My husband, also a web worker, has been on the receiving end of work ethic-related misconceptions himself. For example, project managers at a major Chinese translation agency for which he does a great deal of software localization seem incapable of grasping that he doesn’t work on weekends, and certainly not for his regular rates.

So where does that leave us? As web workers, we are increasingly placed in the position of having to work with cultures that don’t see work the way we do. It can be frustrating, or even infuriating for all parties. But then again, working with people who have different perspectives, priorities, and ways of thinking can enrich your work, your product, and your life.

If you find yourself working with people from other cultures, my advice is to be very explicit about your expectations and make sure you know theirs from the very start of your negotiations to avoid any misunderstandings down the line. Try to educate yourself about doing business with that culture. As for my French partners, I’m going to ignore my culturally programmed performance criteria—for now—and give these guys a chance to show me what they can do when they’re not vacationing.

I’d be very interested to hear about cultural disconnects you’ve experienced, how they impacted your work, and how you’ve handled them!


Pamela Poole

This is all fabulous feedback! When our developer came over from London for the meet and greet/contract signing, we spent two hours savoring our lunch, including beer and wine… At one point afterwards, he and I were standing off to the side and he commented about how different Paris was than London. I asked what he meant and he said “Everybody here is so much more relaxed. In London they’re all talking on their cell phones and looking at their blackberries and rushing somewhere.” Of course it’s a better way to live. You’ll get no argument from me there! But one of the issues I wanted to point out with this post was that assumptions and expectations regarding work are often pretty deeply ingrained, and we’re often unaware of them until we find ourselves in a situation where there is a contrast. It’s been a learning experience and a challenge, both things I like!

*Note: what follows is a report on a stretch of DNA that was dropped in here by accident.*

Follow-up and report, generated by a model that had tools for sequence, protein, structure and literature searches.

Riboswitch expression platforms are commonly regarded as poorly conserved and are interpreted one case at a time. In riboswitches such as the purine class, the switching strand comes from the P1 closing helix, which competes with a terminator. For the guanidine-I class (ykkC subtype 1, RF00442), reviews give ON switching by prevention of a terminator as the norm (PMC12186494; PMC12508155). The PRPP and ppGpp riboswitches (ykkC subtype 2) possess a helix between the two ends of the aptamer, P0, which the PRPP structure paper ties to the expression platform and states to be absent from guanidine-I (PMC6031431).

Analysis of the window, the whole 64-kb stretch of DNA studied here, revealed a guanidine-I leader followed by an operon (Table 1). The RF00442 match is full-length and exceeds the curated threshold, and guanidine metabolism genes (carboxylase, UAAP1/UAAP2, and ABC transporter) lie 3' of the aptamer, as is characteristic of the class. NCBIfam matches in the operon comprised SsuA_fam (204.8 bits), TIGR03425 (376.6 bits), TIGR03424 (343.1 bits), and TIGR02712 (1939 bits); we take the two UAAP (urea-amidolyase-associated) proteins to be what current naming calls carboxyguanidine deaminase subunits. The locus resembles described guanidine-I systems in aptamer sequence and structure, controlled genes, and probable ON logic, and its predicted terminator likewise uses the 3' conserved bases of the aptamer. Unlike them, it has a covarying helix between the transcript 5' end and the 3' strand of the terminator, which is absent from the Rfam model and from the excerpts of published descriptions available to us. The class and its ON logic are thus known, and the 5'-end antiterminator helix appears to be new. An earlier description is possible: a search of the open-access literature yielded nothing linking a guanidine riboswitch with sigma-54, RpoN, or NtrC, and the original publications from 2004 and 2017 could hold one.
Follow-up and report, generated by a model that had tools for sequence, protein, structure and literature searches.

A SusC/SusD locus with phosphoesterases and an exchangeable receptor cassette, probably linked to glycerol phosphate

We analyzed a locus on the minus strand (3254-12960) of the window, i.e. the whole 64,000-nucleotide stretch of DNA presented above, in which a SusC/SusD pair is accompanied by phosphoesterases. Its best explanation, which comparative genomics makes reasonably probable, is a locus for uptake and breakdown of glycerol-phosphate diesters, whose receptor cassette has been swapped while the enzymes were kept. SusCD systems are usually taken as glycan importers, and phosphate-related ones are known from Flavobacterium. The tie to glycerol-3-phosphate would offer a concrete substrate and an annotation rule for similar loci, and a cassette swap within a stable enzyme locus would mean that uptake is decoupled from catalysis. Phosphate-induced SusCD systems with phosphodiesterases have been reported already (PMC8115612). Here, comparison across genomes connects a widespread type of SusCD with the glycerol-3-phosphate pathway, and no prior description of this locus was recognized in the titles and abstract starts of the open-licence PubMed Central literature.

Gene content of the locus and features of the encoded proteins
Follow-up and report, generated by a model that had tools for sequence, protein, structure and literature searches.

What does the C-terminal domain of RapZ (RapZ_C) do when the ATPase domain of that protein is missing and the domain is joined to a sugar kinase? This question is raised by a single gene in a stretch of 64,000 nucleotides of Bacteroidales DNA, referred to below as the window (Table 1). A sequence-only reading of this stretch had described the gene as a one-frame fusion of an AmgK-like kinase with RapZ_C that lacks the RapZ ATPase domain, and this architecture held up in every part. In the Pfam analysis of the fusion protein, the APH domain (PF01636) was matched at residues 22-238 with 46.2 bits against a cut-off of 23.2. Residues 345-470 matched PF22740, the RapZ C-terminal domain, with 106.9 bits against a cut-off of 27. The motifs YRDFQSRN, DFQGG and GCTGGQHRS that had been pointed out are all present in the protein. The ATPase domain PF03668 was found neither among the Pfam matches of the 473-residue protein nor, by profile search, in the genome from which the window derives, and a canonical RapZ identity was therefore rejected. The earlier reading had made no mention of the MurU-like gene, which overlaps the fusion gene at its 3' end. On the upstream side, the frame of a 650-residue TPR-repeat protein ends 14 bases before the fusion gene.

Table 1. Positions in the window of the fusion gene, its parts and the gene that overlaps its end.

samuel from Toulouse, France

Enjoying all the good stuff live can offer…is work ! can’t write more, got to go to lunch !


Unfortunately, I think it’s part of the American business culture to think that you’re “king” if you’re the one with the money and that the American way of business is the only real way to do business. My primary US contract has freelancers across the world however the expectation has been that they work to us without any give towards their cultures. The result has been a loss of the most talented freelancers and an increase in freelancing cost because now most of the work needs a second “vetting” before it can be released. With the talented freelancers, it was correct from the get go.

Kevin S. Brady

There are some notable cultural quirks, such as surfing-related absenteeism during high tides in Hawaii, etc. But in general, be aware of national and religious holidays observed in nations where you have partnerships and do business. I’ve seen a few teleconferences that missed key people due to “bank holidays.”

Trina E. Roach

As an American who’s lived and worked in Europe for more than 30 yrs. now (mostly in Germany), I think the real challenge is getting over the idea that there is a ‘right’ way to do business – and that that way is your way. *smile*